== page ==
20.7 — Function try blocks

Try and catch blocks work well enough in most cases, but there is one particular case in which they are not sufficient. Consider the following example:

In the above example, derived class B calls base class constructor A, which can throw an exception. Because the creation of object b has been placed inside a try block (in function main()), if A throws an exception, main’s try block will catch it. Consequently, this program prints:


But what if we want to catch the exception inside of B? The call to base constructor A happens via the member initialization list, before the B constructor’s body is called. There’s no way to wrap a standard try block around it.

In this situation, we have to use a slightly modified try block called a function try block.

Function try blocks

Function try blocks are designed to allow you to establish an exception handler around the body of an entire function, rather than around a block of code.

The syntax for function try blocks is a little hard to describe, so we’ll show by example:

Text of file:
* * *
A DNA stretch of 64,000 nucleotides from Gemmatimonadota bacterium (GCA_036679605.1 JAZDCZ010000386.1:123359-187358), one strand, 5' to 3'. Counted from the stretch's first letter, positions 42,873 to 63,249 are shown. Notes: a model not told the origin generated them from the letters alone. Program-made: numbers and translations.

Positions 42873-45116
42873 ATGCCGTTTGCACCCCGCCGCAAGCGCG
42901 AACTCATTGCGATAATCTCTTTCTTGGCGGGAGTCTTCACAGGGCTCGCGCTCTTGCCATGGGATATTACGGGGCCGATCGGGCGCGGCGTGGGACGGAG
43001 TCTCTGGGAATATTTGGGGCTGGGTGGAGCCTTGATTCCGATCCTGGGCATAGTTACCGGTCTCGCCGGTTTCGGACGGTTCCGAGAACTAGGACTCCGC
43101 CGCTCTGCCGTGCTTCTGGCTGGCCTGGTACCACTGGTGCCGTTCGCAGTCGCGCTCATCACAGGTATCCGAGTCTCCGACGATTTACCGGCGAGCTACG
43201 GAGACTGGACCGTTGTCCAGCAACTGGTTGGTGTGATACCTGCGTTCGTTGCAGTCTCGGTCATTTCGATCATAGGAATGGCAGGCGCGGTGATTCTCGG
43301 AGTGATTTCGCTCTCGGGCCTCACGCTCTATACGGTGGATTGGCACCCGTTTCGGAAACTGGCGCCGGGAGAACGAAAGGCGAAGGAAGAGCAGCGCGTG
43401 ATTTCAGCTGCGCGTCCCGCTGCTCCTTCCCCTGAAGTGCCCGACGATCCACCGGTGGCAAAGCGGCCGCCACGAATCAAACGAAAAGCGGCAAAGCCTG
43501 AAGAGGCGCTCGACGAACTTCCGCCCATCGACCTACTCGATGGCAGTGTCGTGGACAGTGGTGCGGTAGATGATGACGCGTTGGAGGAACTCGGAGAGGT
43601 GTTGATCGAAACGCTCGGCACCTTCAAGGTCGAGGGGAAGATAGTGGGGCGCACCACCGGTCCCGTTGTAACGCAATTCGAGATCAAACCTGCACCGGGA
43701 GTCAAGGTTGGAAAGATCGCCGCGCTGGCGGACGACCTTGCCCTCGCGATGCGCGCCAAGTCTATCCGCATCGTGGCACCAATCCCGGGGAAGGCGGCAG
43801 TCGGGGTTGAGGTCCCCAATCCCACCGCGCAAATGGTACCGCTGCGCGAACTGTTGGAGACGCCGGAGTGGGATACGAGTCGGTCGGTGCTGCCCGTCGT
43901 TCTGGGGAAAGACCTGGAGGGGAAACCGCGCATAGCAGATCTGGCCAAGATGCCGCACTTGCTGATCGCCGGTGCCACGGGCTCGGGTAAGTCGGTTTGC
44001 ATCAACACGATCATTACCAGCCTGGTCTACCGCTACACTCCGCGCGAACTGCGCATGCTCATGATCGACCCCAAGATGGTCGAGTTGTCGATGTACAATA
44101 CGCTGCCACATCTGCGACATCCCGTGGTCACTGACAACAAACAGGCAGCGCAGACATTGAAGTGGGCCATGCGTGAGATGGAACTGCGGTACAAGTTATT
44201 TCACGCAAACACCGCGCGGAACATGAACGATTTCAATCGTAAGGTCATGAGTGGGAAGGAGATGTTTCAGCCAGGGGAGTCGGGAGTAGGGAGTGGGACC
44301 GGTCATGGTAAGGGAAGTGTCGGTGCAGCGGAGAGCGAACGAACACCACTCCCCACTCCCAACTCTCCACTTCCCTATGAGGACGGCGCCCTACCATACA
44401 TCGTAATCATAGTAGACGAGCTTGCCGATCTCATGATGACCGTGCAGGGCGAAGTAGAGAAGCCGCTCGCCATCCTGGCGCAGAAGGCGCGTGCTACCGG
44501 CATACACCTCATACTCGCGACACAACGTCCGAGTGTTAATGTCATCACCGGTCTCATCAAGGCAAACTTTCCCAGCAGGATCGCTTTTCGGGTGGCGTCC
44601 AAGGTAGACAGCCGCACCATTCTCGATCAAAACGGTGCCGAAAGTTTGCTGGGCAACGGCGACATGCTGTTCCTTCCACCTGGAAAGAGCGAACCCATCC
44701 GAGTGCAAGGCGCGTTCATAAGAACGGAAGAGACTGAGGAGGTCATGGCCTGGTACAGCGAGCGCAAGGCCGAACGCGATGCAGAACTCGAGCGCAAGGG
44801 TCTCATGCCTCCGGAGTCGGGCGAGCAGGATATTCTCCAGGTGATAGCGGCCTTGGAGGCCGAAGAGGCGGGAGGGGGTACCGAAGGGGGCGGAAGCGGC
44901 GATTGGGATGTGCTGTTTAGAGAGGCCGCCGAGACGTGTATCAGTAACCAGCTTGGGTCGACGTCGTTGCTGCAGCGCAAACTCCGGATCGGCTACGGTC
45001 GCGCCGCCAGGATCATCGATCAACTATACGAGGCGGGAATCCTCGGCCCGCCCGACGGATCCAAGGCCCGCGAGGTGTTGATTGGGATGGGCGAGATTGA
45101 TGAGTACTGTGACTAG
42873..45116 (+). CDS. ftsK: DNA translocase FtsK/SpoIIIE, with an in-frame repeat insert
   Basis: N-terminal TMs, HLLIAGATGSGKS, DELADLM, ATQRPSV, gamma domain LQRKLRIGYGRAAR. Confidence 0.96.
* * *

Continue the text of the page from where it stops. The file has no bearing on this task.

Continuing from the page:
When this program is run, it produces the output:

Exception caught

Let’s examine this program in more detail.

First, note the addition of the “try” keyword before the member initializer list. This indicates that everything after that point (until the end of the function) should be considered inside of the try block.

Second, note that the associated catch block is at the same level of indentation as the entire function. Any exception thrown between the try keyword and the end of the function body will be eligible to be caught here.

Finally, unlike normal catch blocks, which allow you to either resolve an exception, throw a new exception, or rethrow an existing exception, with function-level try blocks, you must throw or rethrow an exception. If you do not explicitly throw a new exception, or rethrow the current exception (using the throw keyword by itself), the exception will be implicitly rethrown up the stack.